We analyzed the data for each city separately following a predefined standardized method, which resulted in a city-specific model (33). In summary, we applied generalized additive models extending Poisson regression to model the nonlinear effects of the covariates, using a local nonparametric LOESS (34) smoother to control for seasonal patterns and long term trends, allowing for overdispersion. Control for seasonality and meteorology is crucial in analyses of ozone effects on mortality (35). We controlled for potential confounding effects of meteorologic variables (mean daily temperature and mean daily relative humidity) and respiratory epidemics, adjusted for day of the week, and took into account local characteristics such as national and school holidays and unusual events (such as heat waves and strikes) if necessary. We decided a priori to use the average of lags 0 and 1 for air pollutant measurements, based on previous evidence (36). This approach avoids potential bias, which could result from selectively reporting the most significant lags. If serial correlation remained in the residuals of the final models, autoregressive terms were added based on the method presented in Brumback and colleagues (37). To evaluate the association of ozone concentrations and daily mortality in the warm season (April–September) and the cold season (October–March), respectively, we used the previous models with two additional terms: the interaction term between ozone and season and a dummy variable denoting the winter period. Additionally, we fitted two-pollutant models to adjust for the possible confounding effects of SO2, NO2, particulate matter with aerodynamic diameter less than 10 μm (PM10), and CO, by including the other pollutants alternatively in the models.
We applied a second-stage analysis to provide a quantitative summary of all individual city results and attempt to explain the observed heterogeneity between city estimates by exploring the role of potential effect modifiers. Several potential effect modifiers were considered. A list of these variables may be found in Katsouyanni and colleagues (3). Only those effect modifiers explaining more than 10% of the heterogeneity are reported.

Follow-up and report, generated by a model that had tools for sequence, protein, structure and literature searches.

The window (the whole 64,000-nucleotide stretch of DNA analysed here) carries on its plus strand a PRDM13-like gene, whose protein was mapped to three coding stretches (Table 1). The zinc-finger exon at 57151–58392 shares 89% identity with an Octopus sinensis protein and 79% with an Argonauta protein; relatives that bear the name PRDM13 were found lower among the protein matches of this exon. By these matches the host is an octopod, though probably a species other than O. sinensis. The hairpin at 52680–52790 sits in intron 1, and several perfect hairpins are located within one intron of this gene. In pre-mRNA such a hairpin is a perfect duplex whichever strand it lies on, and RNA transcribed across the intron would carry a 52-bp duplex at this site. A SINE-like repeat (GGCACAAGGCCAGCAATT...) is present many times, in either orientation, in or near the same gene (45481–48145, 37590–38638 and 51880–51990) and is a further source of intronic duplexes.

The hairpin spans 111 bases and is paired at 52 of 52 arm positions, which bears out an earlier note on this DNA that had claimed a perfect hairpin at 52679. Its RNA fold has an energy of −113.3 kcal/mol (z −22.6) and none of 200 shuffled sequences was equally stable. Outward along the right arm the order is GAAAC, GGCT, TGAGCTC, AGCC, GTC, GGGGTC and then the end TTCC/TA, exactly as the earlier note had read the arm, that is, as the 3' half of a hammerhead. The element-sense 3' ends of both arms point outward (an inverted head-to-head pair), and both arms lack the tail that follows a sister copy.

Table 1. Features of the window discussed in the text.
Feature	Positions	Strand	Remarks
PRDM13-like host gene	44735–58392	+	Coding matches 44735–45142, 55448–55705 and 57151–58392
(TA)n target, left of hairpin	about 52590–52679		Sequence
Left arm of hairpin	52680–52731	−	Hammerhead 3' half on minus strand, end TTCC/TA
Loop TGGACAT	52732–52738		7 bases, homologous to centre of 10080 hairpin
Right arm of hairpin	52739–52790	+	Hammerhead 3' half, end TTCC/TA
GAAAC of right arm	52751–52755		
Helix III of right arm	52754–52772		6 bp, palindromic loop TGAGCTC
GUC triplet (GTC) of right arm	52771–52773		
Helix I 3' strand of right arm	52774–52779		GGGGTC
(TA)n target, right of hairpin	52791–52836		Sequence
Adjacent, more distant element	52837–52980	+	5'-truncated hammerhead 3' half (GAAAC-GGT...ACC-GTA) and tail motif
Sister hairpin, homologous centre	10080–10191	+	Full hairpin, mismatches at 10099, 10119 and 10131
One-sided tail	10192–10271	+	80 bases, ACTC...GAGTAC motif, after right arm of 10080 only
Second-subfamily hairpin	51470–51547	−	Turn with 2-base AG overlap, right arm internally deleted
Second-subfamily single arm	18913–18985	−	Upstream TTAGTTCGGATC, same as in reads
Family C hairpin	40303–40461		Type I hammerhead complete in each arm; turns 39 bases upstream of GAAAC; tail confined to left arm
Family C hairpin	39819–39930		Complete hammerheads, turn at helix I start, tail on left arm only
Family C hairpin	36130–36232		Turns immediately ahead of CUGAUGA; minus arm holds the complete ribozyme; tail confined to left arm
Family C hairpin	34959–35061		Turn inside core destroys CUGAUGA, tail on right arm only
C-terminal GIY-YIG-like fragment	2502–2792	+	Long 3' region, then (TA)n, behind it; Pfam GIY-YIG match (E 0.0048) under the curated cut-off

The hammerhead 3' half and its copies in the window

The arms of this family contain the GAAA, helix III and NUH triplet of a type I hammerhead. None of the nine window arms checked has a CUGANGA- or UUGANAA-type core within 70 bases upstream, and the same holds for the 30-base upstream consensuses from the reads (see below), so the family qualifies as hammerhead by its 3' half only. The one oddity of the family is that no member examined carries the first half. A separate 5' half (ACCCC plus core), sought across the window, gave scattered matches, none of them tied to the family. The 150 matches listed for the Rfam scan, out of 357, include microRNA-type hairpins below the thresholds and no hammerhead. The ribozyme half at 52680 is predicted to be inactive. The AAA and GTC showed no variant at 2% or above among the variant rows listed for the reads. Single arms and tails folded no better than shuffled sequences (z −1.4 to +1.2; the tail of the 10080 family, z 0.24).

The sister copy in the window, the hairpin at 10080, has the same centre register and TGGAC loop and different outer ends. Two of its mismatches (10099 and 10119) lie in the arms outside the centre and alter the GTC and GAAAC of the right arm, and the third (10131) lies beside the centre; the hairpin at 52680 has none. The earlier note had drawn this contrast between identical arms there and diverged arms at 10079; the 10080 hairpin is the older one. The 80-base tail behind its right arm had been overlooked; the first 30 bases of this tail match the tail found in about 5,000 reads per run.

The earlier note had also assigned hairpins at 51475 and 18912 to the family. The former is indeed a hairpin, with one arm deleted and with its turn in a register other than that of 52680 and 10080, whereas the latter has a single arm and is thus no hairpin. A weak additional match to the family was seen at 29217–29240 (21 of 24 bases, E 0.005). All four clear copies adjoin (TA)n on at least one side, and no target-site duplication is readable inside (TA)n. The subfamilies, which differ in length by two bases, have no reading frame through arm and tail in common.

In the second-stage analysis, we assumed the city-specific effect estimates to be normally distributed around an overall estimate, assuming heterogeneity. We estimated fixed effects pooled regression coefficients by weighted regression of city-specific estimates on potential effect modifiers (at city level) with weights inversely proportional to their city-specific variances. If substantial heterogeneity among city results, beyond the variation associated with the effect modifiers, remained, random effects regression models were applied. In these models, it was assumed that the individual coefficients are a sample of independent observations from the normal distribution with mean equal to the random effects pooled estimate and variance equal to the between-cities variance. We estimated the between-cities variance from the data, using the maximum likelihood method described by Berkey and colleagues (38), and this was added to the city-specific variances. In contrast to the usual univariate second-stage regression, in which results from each pollutant are analyzed separately, we used multivariate second-stage regression models (applying the method described by Berkey and colleagues) (39), which provide more accurate estimates because they incorporate the correlation among pollutants within each city.